But back to paying for reviews.  Yes, it's a dreadful practice, and all I can say is more fool the writers who pay these scumbags to do such a thing, thus enabling them to earn money from idiots who should know better.  As for creating fake profiles to write good reviews for yourself and bad ones for 'the competition' - well, perhaps if they spent that time working on making their own books better, they wouldn't need to.


  1. Hi Terry, you alerted me to this article - I'm not particularly suprised this goes on -i corruption is everywhere. From an information search perspective, I think there's evidence to suggest that in the absence of high brand visibility through advertising - akin to big publishers like I've published through, advocacy from known contacts and experts will be preferred to listening to other readers. I think we're in an industry more like the restaurantbvbusiness than we care to admit, with an idea that the customer is an expert in what they like, not necessarily what's good.

  2. Terry, glad you've brought this up in your blog. I think it's pretty crappy to put fake reviews up and even worse to put a fake identity and bash your competitors. Baffling since he was already successful. I guess when you're a piece of crap you're true colors will show regardless of your success.

    I think the majority of people are honest and if they write a good review they really mean it. I do agree with your assessment if you get false positive reviews those who buy your book and are peeved will respond with a negative review. You may have suckered him into buying your book, but he's gonna prevent you from doing it again.

  3. Ah, Charles - yes, you've highlighted a good one there. More relevant to something I was reading on Scott Bury's blog yesterday, about "if everyone says it's crap why does it still sell". Far too complex for me to get into on a blog comment reply (and, more to the point, pre-coffee) but yes, I think you've hit the nail on the head.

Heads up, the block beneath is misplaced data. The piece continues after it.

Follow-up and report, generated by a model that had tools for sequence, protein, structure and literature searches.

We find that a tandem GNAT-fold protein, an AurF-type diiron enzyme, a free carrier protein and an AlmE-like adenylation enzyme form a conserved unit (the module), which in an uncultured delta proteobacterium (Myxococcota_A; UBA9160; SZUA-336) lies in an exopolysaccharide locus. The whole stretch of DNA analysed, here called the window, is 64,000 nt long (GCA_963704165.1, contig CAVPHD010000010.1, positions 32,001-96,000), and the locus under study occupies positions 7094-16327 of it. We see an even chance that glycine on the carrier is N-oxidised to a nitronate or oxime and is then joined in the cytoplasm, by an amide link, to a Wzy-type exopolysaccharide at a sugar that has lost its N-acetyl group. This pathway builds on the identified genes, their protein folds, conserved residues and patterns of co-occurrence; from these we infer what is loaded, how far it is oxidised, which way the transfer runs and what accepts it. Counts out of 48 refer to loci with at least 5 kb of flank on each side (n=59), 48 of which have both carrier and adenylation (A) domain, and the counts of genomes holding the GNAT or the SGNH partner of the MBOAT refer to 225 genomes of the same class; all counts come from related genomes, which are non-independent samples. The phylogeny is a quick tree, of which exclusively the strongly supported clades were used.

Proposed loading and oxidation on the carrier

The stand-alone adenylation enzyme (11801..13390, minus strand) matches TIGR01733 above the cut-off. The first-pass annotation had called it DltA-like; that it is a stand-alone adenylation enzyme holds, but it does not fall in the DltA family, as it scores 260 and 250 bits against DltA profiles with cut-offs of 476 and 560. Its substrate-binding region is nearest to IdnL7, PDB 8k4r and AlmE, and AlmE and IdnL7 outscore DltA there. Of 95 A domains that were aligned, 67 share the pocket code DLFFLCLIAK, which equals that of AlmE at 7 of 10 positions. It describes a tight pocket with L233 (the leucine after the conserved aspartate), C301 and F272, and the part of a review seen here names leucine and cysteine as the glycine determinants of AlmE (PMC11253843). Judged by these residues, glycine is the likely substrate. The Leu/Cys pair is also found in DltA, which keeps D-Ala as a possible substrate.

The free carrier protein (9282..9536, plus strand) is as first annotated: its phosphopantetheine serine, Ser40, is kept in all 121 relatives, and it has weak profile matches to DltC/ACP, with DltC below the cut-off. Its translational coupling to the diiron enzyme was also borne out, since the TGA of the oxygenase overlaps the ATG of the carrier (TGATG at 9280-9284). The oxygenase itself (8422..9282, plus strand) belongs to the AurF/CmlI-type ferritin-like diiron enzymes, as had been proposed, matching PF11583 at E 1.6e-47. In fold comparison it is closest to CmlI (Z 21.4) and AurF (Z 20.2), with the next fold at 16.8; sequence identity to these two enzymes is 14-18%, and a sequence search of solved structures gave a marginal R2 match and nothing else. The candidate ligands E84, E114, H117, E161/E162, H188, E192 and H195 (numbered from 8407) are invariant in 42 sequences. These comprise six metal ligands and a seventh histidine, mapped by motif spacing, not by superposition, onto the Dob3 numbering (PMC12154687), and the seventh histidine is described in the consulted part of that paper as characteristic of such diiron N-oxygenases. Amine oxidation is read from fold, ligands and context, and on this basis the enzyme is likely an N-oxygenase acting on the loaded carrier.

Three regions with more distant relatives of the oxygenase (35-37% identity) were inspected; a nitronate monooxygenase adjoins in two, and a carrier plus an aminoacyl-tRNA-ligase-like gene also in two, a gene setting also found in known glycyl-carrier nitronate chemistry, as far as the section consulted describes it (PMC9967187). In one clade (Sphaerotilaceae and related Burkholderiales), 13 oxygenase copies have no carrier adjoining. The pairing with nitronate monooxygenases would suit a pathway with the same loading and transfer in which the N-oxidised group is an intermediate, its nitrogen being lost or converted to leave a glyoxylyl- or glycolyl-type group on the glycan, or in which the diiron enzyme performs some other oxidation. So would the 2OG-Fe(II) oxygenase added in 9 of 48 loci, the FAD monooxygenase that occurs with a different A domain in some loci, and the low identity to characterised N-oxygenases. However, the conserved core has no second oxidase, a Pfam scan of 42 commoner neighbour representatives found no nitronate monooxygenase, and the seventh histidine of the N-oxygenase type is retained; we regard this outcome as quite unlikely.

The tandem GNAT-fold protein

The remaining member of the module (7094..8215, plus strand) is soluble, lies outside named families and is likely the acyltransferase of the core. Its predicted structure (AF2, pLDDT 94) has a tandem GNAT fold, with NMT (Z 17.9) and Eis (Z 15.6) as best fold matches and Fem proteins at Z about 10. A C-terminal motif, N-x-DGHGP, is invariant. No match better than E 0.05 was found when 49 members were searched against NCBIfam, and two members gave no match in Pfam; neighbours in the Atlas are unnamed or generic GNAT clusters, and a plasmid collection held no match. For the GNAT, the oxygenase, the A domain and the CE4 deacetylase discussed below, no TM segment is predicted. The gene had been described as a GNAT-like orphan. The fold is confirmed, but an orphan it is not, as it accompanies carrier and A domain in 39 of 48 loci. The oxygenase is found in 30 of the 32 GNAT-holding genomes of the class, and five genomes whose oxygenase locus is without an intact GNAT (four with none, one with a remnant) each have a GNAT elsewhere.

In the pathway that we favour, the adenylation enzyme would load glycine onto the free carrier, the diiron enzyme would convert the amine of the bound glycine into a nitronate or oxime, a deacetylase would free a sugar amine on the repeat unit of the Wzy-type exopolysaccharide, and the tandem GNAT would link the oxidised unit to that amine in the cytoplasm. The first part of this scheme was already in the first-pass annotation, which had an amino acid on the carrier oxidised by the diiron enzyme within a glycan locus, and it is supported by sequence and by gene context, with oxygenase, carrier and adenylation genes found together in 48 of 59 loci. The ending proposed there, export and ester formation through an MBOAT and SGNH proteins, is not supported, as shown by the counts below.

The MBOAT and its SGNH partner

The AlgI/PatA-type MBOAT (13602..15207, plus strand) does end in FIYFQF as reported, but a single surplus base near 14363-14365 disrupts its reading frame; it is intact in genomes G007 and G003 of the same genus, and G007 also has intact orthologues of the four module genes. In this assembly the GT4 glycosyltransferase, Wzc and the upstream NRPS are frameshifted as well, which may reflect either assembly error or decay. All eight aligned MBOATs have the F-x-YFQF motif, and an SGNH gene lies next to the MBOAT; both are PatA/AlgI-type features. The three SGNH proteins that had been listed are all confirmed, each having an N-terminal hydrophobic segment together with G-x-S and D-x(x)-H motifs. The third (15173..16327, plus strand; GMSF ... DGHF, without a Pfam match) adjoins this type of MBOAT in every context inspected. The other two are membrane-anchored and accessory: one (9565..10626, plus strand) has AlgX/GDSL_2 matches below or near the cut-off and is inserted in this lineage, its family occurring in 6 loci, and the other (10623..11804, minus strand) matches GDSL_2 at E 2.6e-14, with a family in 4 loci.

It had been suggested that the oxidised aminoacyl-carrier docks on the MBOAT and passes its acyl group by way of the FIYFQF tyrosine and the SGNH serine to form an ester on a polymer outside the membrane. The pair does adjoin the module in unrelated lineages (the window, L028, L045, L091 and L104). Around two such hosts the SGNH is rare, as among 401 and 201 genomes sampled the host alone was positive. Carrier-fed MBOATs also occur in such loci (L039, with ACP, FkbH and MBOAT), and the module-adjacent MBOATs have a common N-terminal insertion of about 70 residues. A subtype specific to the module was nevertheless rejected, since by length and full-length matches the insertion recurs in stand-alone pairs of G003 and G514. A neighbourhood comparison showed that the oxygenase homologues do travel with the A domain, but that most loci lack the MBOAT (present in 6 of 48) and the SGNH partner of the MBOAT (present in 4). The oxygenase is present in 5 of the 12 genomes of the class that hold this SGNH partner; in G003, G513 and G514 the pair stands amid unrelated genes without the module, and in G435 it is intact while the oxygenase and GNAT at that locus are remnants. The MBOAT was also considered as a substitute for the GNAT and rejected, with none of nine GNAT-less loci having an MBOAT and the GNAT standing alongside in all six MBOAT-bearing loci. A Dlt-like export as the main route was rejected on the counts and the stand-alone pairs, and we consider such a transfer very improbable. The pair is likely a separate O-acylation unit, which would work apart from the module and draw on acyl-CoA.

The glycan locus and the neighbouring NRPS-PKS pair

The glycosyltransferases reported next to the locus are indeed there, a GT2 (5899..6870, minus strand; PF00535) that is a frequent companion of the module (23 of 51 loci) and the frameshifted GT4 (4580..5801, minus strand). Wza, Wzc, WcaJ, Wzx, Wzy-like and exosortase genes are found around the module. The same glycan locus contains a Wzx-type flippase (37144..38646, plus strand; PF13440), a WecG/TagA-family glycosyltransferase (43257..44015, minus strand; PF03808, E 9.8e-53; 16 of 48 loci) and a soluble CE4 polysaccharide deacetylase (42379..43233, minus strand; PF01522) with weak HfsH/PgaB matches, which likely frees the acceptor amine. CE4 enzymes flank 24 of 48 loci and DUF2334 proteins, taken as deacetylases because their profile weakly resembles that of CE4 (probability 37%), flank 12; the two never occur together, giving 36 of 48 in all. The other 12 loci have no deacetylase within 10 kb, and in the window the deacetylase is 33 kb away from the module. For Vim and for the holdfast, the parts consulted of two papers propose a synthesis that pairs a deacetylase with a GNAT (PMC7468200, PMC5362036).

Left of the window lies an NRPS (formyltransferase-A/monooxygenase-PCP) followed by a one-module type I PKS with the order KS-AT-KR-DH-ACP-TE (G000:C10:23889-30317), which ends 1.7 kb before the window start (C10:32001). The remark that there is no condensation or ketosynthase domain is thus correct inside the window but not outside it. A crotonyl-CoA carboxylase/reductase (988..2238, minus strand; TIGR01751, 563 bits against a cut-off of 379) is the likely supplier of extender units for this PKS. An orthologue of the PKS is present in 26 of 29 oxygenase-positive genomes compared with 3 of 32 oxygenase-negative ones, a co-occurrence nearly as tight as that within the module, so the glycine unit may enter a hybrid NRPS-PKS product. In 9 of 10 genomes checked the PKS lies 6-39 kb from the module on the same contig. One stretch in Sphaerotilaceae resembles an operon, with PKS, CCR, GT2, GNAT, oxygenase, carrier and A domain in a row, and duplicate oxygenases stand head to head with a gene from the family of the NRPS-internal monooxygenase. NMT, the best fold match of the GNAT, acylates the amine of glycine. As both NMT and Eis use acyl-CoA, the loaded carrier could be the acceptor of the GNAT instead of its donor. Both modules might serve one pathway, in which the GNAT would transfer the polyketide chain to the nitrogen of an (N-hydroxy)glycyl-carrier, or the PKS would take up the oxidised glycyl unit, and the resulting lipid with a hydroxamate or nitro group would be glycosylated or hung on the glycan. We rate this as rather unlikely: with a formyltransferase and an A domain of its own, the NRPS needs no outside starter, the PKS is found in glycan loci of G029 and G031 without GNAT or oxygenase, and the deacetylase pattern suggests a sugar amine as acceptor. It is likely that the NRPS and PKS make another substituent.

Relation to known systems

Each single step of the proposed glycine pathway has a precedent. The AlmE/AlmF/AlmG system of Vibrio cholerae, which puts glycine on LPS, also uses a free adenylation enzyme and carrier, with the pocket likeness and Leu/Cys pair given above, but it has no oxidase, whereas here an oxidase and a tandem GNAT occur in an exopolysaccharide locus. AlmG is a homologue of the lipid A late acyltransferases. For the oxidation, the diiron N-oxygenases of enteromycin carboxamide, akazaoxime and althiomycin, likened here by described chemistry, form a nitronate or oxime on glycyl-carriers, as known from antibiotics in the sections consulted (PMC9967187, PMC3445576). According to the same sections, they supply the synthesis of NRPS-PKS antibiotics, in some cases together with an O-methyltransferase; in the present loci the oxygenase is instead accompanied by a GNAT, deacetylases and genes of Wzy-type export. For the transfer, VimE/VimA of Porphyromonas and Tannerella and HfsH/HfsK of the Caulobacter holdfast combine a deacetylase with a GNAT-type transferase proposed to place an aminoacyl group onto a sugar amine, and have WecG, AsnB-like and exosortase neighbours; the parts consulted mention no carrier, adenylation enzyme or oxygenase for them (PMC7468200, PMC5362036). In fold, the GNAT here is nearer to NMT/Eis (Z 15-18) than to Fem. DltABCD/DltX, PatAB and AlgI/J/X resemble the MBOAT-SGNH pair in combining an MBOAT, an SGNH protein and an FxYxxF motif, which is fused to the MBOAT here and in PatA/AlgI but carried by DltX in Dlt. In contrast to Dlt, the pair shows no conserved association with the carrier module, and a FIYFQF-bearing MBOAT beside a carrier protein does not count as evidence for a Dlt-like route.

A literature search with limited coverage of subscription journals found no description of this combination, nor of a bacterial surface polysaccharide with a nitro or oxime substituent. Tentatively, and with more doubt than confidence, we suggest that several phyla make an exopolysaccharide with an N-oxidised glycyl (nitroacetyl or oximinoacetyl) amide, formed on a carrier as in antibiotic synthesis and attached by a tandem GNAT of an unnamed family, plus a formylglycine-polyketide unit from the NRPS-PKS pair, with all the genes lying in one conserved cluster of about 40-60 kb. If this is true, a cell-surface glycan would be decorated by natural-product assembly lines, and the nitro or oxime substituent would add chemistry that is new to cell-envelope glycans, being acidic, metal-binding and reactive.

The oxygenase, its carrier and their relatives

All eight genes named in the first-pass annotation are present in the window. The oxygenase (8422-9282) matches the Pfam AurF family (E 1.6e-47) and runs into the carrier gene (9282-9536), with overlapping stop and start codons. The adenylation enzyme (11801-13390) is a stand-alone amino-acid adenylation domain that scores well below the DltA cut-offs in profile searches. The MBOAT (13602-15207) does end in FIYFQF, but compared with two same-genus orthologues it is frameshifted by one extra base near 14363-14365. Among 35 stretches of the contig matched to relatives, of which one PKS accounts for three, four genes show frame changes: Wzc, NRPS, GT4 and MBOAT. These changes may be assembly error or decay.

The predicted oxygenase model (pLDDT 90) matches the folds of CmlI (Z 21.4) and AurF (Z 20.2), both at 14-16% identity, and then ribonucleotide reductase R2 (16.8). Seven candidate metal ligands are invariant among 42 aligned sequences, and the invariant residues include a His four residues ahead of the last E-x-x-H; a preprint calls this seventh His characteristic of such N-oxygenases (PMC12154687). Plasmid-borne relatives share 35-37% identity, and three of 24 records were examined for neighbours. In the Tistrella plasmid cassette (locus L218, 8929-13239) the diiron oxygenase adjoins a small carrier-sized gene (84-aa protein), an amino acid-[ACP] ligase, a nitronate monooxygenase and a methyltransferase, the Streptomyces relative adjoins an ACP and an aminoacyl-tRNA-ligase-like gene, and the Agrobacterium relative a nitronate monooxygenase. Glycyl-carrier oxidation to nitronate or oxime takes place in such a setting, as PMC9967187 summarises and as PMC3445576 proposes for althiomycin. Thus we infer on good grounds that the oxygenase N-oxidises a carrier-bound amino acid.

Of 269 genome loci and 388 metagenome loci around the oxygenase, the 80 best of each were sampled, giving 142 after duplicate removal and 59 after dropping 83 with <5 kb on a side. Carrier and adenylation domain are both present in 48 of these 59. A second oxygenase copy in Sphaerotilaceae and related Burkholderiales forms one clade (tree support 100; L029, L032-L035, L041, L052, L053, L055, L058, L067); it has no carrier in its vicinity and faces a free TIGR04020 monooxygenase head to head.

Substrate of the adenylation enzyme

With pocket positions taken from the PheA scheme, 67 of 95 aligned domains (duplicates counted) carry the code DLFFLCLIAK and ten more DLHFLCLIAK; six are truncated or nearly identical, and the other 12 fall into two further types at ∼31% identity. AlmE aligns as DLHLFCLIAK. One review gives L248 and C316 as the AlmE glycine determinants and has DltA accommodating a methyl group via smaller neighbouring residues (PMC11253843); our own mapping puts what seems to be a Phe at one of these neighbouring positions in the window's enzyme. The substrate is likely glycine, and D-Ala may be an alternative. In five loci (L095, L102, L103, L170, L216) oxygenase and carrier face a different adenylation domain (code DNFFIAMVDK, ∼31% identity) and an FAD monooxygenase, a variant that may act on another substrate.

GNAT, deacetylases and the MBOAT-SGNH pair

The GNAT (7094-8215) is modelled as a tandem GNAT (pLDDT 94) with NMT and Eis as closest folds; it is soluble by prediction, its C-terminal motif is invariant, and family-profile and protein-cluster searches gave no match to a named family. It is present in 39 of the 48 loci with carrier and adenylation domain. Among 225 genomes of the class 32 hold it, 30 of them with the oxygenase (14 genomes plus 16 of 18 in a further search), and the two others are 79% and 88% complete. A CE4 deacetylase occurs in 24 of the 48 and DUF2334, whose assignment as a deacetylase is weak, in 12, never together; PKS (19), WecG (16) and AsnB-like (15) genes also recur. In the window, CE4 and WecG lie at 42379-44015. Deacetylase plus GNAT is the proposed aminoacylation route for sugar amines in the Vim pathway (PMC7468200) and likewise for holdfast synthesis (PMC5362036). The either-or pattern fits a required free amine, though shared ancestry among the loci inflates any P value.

Karen - I'm sure it won't die out, but I'm equally sure that more and more writers who are tempted by this sort of thing will think, um, perhaps not. On the other hand, some DIRE rubbish is being posted on Amazon now (WHY don't they have some sort of quality control?), really bad, and these are the people who will be paying for reviews, thus keeping the charlatans in business! Which they will stay (in business, I mean; where's that coffee?) while people are still desperate enough to use them.

  4. You know what? You are right. Rubbish fake reviews will 'out'. It's always suspicious when a writer has 120 5 Star reviews and maybe 3 naff ones. And it's the quality of the review - you can always tell a fake. I look for a thorough discussion of the plot, the effectiveness of the characters, a bit on the style, why the person liked it etc. One of my best recent reviews (I've only got 3) was from a writer who I happen to know, but her review focused upon a shared experience to my character, and looked at how what she went through was similar. It moved me to tears, reading it. The best reviews can give us an insight into the reviewer. I like it when that happens.